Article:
A Futuremakers’ Goal module on menstruation and hygiene has given a 14-year-old girl in India the confidence and strength to change opinions in her family and community.
Deepika lives in Navjeevan Camp in Delhi with her mother, father and younger brother. Initially, her parents didn’t want her to join the programme that teaches girls sports and life skills. They feared for her safety. However, coaches from Maitrayana which delivers Goal, assured them she would be well looked after.
When Deepika’s mum and dad also learned that friends would accompany her to the park, they agreed to her participation. The scene was set for Deepika to learn actively and empower change.
Empowering girls to improve their circumstances
Goal’s sports-based curriculum delivers modules on financial education, good communication, health and hygiene, child protection, and self-confidence. But for Deepika, the session on menstruation was the most crucial.
Deepika says: “When I reached puberty and began menstruating, my mother forbade me to do several things, including visiting the temple, touching pickles, and bathing every day. I always felt this was strange, but I had no arguments to discuss it with her. So, I had no choice but to follow them under pressure.”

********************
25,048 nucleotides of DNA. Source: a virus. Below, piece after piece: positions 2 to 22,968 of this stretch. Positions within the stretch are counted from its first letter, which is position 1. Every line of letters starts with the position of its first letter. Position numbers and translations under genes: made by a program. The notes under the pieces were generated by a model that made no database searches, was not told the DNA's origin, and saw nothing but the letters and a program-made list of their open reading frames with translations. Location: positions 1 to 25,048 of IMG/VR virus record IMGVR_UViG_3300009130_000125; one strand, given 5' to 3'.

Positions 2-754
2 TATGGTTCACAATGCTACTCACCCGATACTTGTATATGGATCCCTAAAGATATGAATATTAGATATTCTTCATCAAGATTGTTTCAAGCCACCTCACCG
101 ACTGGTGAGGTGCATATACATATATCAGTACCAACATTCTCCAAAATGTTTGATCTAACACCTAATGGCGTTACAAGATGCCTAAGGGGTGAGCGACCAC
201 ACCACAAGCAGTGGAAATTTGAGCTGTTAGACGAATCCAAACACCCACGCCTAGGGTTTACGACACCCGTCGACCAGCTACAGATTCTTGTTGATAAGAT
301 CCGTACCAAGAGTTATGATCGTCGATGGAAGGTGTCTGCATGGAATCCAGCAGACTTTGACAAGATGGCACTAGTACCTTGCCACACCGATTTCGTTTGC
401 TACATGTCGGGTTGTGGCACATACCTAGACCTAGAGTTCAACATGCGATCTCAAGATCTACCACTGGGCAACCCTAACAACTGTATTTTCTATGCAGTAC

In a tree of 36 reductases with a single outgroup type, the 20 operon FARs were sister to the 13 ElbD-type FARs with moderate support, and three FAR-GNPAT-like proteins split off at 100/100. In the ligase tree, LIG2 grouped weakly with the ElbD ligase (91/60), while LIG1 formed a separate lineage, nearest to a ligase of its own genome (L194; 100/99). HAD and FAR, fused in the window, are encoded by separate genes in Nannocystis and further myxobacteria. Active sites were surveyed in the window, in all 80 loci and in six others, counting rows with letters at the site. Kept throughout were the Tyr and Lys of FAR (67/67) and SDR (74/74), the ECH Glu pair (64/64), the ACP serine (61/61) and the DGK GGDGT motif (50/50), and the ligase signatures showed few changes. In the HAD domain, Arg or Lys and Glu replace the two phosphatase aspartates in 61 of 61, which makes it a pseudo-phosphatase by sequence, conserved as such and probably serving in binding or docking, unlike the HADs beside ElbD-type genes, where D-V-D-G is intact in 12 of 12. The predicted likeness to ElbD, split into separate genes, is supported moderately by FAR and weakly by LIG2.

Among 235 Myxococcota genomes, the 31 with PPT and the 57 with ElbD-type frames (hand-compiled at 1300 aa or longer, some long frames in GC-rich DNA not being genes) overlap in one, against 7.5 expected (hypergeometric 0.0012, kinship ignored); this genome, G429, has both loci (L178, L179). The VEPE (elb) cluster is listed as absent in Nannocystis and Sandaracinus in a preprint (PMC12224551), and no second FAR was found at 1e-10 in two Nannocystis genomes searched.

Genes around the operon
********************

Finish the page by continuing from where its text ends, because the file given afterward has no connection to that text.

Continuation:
After the Goal module on menstruation and hygiene, Deepika spoke to her mother about the misconceptions surrounding periods and how these restrictions were based on myths. She emphasised the need for monthly hygiene and how foods are not spoiled when girls and women touch them during their periods.
Afterwards, Deepika’s mother told one of the coaches that her daughter had made her change her mind about menstruation and its myths. She also said that the programme had prompted Deepika to make many changes to the lives of others around her, as well as how her family thinks.
Forging and firming her place in the world
The girls in her group elected Deepika as peer leader after she demonstrated the confidence, knowledge, courage and ability to speak and convince others of the truth about menstruation.
Being a peer leader has helped Deepika to think about how she can work in her community to ensure that more girls can start playing sports and become the change-makers in their families and community – just like her.
Futuremakers by Standard Chartered
Our global initiative to tackle inequality by promoting greater economic inclusion, supports young people from low-income communities to learn new skills and improve their chances of getting a job or starting their own business.
Since 2019, Futuremakers programmes have reached more than 849,000 young people across 43 markets.
2022 Futuremakers Forum
The Futuremakers Forum was successfully held virtually between 6 – 7 July 2022 with the focus of ‘Lifting participation through financial inclusion’.
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